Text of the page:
Phrases like post-truth and fake news are closely associated with Brexit and Trump, but the antecedent of modern disinformation is Holocaust denial.
Holocaust denial is as much about the tarnishing of expertise as it is an anti-semitic conspiracy theory. But a conspiracy can only succeed if people Continue reading “The Politics of Denialism is Becoming the New Normal”
I teach a performative writing class on Rose Bruford’s MA in Actor and Performer Training. The activity of writing is considered performative in it’s capacity to create worlds out of language. The students are tasked with creating a Vade Mecum (latin for ‘Go With Me’) as part of their final submission. Teaching this module has given me the chance to reflect on how documenting classroom activities need not be a perfunctory exercise or Continue reading “Vade Mecum at Rose Bruford College”
Ella Road’s The Phlebotomist (currently playing at Hampstead Theatre) is part of a growing trend of plays dealing with surviving the everyday. It has thematic resonances with Mike Bartlett’s Game, Philip Ridley’s Radiant Vermin and Lucy Kirkwood’s The Children, all plays that put the desperate desire to create a stable home in conflict with the responsibilities we have to future generations. Continue reading “The Domesticated Survival Play”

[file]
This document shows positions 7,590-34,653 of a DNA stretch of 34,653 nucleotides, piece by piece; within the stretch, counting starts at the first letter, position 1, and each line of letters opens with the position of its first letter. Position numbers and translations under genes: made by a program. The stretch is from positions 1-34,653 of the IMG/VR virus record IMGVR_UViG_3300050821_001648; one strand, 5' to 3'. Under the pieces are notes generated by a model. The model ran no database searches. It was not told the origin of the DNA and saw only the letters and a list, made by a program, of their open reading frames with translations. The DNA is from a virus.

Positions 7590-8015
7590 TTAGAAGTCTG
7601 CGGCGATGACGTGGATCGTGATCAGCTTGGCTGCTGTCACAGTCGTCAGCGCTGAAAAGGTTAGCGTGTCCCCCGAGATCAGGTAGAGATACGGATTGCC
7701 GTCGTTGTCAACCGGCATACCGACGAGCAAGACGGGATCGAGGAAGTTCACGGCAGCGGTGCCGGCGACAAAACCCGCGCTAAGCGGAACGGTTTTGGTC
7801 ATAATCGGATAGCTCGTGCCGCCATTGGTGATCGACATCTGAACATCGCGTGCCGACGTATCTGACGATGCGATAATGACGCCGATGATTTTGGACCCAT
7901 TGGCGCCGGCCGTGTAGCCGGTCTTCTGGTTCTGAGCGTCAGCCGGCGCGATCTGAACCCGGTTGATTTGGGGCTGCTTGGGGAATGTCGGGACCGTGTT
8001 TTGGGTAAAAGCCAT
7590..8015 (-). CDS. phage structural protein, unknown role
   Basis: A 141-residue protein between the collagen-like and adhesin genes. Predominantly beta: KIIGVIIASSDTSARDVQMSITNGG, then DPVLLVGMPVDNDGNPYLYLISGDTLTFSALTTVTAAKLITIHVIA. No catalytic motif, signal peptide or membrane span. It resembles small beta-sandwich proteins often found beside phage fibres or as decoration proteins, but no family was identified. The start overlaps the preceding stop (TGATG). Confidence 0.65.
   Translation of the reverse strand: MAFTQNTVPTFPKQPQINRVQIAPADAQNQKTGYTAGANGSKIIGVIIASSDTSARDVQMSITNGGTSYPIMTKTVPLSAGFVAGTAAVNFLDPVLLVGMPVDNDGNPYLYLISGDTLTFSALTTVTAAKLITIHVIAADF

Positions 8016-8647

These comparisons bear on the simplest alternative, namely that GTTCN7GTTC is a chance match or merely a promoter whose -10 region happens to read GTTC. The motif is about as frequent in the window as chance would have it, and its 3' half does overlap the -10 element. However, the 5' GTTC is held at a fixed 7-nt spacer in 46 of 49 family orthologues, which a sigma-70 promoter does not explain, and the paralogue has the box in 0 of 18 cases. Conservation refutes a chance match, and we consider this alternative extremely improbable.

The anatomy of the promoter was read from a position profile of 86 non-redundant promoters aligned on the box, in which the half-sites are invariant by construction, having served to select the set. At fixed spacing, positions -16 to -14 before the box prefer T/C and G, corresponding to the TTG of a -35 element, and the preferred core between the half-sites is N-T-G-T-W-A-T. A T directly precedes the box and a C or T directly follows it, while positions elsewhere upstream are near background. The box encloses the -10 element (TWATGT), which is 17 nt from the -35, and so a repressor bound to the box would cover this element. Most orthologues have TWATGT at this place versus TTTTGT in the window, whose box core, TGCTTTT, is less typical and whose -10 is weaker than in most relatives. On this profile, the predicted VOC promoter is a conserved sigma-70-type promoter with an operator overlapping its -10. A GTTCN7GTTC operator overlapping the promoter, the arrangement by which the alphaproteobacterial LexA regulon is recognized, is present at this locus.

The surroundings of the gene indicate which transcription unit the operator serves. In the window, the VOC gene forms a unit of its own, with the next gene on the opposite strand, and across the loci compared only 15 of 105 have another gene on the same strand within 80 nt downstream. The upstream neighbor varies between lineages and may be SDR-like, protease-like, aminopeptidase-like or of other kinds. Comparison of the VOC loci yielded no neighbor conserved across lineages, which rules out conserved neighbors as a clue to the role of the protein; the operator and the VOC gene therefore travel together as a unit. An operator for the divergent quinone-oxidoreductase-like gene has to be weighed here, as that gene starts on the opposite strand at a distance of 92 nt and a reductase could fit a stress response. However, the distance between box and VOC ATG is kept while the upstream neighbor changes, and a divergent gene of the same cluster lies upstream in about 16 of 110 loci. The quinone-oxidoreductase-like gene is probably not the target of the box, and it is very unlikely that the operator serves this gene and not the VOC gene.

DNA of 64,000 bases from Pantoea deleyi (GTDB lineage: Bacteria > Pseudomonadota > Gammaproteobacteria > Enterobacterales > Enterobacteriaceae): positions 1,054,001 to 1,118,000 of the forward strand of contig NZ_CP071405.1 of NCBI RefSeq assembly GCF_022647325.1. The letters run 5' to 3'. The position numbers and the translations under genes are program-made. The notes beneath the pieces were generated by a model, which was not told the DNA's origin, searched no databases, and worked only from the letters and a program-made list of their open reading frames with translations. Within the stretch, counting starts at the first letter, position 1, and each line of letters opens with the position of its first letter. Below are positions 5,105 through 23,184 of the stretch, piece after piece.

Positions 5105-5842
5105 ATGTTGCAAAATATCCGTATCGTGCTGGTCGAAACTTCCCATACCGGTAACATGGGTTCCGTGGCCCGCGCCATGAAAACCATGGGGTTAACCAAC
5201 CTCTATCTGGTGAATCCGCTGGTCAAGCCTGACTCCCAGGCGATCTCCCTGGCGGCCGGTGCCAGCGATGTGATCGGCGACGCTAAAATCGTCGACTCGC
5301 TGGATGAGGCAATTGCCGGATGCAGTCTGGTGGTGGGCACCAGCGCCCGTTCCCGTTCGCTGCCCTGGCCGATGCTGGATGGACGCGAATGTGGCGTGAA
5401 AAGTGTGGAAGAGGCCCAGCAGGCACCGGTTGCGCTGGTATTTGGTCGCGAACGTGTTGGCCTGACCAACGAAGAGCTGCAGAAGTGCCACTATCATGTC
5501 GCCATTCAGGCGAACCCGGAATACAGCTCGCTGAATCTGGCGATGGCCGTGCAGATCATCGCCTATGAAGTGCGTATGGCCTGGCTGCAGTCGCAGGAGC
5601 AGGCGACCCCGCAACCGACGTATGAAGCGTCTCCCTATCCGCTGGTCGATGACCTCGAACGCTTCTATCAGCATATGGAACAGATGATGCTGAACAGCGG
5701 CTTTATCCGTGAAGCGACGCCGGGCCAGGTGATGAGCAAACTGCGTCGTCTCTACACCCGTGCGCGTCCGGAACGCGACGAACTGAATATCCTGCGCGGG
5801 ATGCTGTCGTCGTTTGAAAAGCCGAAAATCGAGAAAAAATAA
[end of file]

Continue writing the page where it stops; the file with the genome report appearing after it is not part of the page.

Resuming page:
This post was originally published on the CityLIS Blog
The University of Malta’s fifth annual School of Performing Arts Conference was held on 7th-9th March. The title of this year’s conference was Cities, Embodiments and Technologies. The conference sought to generate debate on the how the relationship between performance (in its broadest sense) and culture can be articulated. Cities, Embodiments and Technologies were Continue reading “Reflections on the Cities, Embodiments and Culture Conference”
I’m part of a dying breed – or part of an elite, it’s hard to tell these days – in that I subscribe to the New Statesman. Save for the ubiquitous adverts for wine and umbrellas it’s a really great publication. It contains some of the best criticism available. Some of the long form essays by critics such as John Gray and Rowan Williams are divine. But I’ve noticed in recent months that Helen Lewis is now doubling as it’s theatre critic. And this is a problem. Continue reading “Where have all the theatre critics gone?”